3 Nephi 13:1-4 — LeGrand Baker — Law of Consecration

3 Nephi 13:1-4

1 Verily, verily, I say that I would that ye should do alms unto the poor; but take heed that ye do not your alms before men to be seen of them; otherwise ye have no reward of your Father who is in heaven.
2 Therefore, when ye shall do your alms do not sound a trumpet before you, as will hypocrites do in the synagogues and in the streets, that they may have glory of men. Verily I say unto you, they have their reward.
3 But when thou doest alms let not thy left hand know what thy right hand doeth;
4 That thine alms may be in secret; and thy Father who seeth in secret, himself shall reward thee openly.

When the Lord introduced the law of consecration to the Church in Missouri, its object was to enable needy Saints to become part of a prosperous community. Two main factors caused the experiment to fail. The first was that the “old citizens” (the ones that were there before the Mormons arrived) wanted to get possession of the improved lands without paying for the improvements. The second was that there were contentions among the Mormons. Even some of the leaders (like Oliver Cowdery and the Whitmers) were unwilling to share the advantages of property. The combined result was the tragic forced expulsion of the Saints from Missouri.

One of the things the experiment forcefully demonstrated was that we cannot make a Zion community by declaring it to be such, then opening it up to non-Zion type people and expecting them to live the law of consecration. Rather, Zion is a community must be made up of people who are already living the law of consecration.

As I understand it, the Church is now (and probably has always been) made up of three basic types of people: (1) Non-Zion people who are primarily concerned about what they perceive to be their own needs. (2) Those who are seeking to become a Zion people, who recognize what is really important and are personally trying to learn how to live the law of consecration. (3) People who are Zion, who quietly go about doing good because they recognize others’ needs. People in this last group are often the most difficult to identify because they would just as soon no one noticed the good they do.

The Beatitude that brings us to Zion{1} reads, “And blessed are the merciful, for they shall obtain mercy,” and that is the way it must be. Everyone has needs and everyone has the ability to help someone.

A good way to understand the law of consecration is to liken it to the ancient temple blessings of priesthood and sacral kingship. Neither are primarily about giving or receiving. In their simplest forms, both are only a functional acknowledgment of truth—of reality. In each, there is nothing about either giving or receiving that implies subservience, superiority, or indebtedness. They are only about acknowledging and filling honest needs. The need may cost the giver his substance, his time, or a simple act of kindness, but what its cost is only partly determined by the generosity of the giver: it is always— sometimes only— determined by the needs of the recipient. Here are some examples:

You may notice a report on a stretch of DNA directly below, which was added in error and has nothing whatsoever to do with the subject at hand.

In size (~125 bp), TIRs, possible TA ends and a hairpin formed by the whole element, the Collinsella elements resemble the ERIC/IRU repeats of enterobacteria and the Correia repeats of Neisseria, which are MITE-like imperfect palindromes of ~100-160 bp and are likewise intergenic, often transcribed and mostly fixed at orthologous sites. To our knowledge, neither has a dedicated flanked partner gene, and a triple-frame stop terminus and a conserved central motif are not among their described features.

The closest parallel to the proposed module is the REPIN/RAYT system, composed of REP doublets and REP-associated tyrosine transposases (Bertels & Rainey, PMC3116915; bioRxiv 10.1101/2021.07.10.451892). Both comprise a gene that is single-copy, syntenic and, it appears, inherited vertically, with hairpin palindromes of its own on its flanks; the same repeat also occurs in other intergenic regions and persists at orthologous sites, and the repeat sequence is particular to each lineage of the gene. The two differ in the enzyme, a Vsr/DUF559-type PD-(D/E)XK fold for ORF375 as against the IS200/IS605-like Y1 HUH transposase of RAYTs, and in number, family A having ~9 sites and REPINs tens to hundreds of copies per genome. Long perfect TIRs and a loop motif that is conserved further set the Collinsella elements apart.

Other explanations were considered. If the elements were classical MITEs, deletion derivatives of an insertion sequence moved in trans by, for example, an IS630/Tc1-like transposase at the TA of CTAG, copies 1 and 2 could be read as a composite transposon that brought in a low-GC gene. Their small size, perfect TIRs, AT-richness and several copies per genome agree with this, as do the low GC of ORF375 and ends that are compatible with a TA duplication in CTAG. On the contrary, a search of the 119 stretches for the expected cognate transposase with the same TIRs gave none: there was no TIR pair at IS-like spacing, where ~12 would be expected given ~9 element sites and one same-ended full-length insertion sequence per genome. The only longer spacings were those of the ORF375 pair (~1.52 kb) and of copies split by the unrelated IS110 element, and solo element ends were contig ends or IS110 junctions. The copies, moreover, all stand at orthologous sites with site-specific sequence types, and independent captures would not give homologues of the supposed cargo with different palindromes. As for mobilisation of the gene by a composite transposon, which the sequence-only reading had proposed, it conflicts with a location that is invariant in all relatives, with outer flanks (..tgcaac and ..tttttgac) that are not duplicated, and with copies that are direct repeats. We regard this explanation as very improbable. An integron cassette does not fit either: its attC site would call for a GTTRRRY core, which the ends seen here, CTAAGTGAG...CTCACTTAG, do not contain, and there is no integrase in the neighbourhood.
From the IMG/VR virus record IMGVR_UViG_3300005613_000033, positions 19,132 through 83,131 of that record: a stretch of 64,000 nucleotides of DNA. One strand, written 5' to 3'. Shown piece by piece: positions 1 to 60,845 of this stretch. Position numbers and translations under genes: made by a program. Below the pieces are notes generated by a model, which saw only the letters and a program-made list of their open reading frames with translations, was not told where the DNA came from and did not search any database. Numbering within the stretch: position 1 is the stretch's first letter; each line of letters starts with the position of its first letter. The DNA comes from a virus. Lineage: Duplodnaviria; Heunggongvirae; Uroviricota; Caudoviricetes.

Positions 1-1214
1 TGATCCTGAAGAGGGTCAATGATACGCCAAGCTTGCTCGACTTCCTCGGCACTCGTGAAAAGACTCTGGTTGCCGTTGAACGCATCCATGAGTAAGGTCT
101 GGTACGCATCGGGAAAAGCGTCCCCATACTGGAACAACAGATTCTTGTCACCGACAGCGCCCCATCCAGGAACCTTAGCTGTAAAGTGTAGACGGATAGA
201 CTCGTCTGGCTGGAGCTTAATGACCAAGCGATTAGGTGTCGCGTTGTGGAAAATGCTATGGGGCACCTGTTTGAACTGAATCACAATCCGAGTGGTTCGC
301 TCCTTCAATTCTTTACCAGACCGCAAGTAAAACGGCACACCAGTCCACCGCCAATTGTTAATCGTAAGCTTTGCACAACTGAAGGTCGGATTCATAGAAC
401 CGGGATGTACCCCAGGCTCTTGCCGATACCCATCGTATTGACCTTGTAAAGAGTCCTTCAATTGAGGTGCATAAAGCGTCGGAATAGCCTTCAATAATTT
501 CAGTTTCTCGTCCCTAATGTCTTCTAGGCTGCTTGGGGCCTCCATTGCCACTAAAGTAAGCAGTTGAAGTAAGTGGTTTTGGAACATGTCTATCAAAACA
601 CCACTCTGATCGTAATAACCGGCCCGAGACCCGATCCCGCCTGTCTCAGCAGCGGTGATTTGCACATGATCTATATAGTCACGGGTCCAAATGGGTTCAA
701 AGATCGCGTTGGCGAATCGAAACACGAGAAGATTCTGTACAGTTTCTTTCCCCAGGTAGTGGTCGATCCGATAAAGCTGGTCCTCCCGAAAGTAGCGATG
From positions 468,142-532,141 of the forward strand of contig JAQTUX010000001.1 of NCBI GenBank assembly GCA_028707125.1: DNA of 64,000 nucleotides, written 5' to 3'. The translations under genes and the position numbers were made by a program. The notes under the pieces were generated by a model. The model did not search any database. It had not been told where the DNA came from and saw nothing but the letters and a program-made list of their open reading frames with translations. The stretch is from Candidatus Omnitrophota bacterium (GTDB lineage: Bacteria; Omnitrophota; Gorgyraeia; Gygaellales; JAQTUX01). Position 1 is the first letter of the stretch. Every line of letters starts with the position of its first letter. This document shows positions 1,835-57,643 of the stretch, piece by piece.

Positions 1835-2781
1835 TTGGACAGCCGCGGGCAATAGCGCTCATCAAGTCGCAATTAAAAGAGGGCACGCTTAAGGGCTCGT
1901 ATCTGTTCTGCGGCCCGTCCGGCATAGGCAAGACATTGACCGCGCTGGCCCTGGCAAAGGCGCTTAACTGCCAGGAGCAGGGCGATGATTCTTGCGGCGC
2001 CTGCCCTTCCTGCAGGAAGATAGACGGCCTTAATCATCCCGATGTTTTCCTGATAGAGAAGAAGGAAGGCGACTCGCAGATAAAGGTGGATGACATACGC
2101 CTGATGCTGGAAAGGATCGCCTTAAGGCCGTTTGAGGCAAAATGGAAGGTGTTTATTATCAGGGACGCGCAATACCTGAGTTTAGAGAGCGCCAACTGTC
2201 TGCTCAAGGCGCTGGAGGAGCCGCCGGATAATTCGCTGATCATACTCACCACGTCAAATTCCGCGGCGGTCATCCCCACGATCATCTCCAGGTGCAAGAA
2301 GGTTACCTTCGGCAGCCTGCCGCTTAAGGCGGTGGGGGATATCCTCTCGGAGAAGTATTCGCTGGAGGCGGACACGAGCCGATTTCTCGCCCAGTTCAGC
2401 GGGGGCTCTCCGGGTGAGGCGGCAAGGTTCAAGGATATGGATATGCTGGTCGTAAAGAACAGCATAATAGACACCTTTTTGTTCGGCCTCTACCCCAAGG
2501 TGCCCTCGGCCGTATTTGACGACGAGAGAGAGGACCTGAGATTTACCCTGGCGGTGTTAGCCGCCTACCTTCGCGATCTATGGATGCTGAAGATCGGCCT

(1) A family with the means learns that a single mom’s car just died a permanent death. The family conclude in council that they can afford to give her a workable car. The father goes to the bishop, tells him how much he can afford, and asks him to get with a mechanic and the single mom and buy her another car— nothing too expensive, but adequate for her needs.

(2) That mom has a next door neighbor who can’t do yard work any more. The single mom and her teenage children take it upon themselves to mow the widow’s lawn and help her keep down the weeds.

(3) The widow likes to sit in the park and watch the children play. If a child is hurt, or is picked on, she invites the child to come and sit on the bench beside her. Then she listens. A hug may be appropriate, and she always just happens to have some cookies that she can share.

As I understand it, that is what the law of consecration is. It is giving when there is a need and when one has the means to satisfy the need. In the three examples, there is no difference between the car, the lawn mowing, and the hug with cookies. Each answers the legitimate need of the recipient, and each is within the resources of the giver.

There are at least two psalms, that were enacted during the ancient Israelite Feast of Tabernacles temple drama, that represented events that took place in the Council in Heaven. One of those is Psalm 82. Its first verse reads: “God [Elohim] standeth in the congregation of the mighty [Council in Heaven]; he judgeth among the gods.” The rest of the psalm are the words spoken by the Father to the members of the Council. It appears to be instructions about how they are to perform their assignments when they come to this earth and fits perfectly within the text of Abraham 3:23 where God makes assignments to the members of the Council. The instructions he gives in Psalm 82 can easily be recognized as the law of consecration. {2}

If that is correct, then our covenants to keep the law of consecration predates our being born into this world by a very, very long time.


{1} The Beatitudes read:
. 7 And blessed are the merciful, for they shall obtain mercy.
. 8 And blessed are all the pure in heart, for they shall see God (3 Nephi 12:7-8).
And the definition is:
. 21 Therefore, verily, thus saith the Lord, let Zion rejoice, for this is Zion—THE PURE IN HEART; therefore, let Zion rejoice, while all the wicked shall mourn (D&C 97:21).

{2} For a discussion of Psalm 82 and its connection with the Council in Heaven see Who Ascend into the Hill of the Lord. “Act 1, Scene 1: The Council in Heaven,” p. 159
.       “Pssalm 82, The Father’s Instructions to the Council,” p. 162
.        “Psalm 82: Instruction and Covenant,” p. 165- 74

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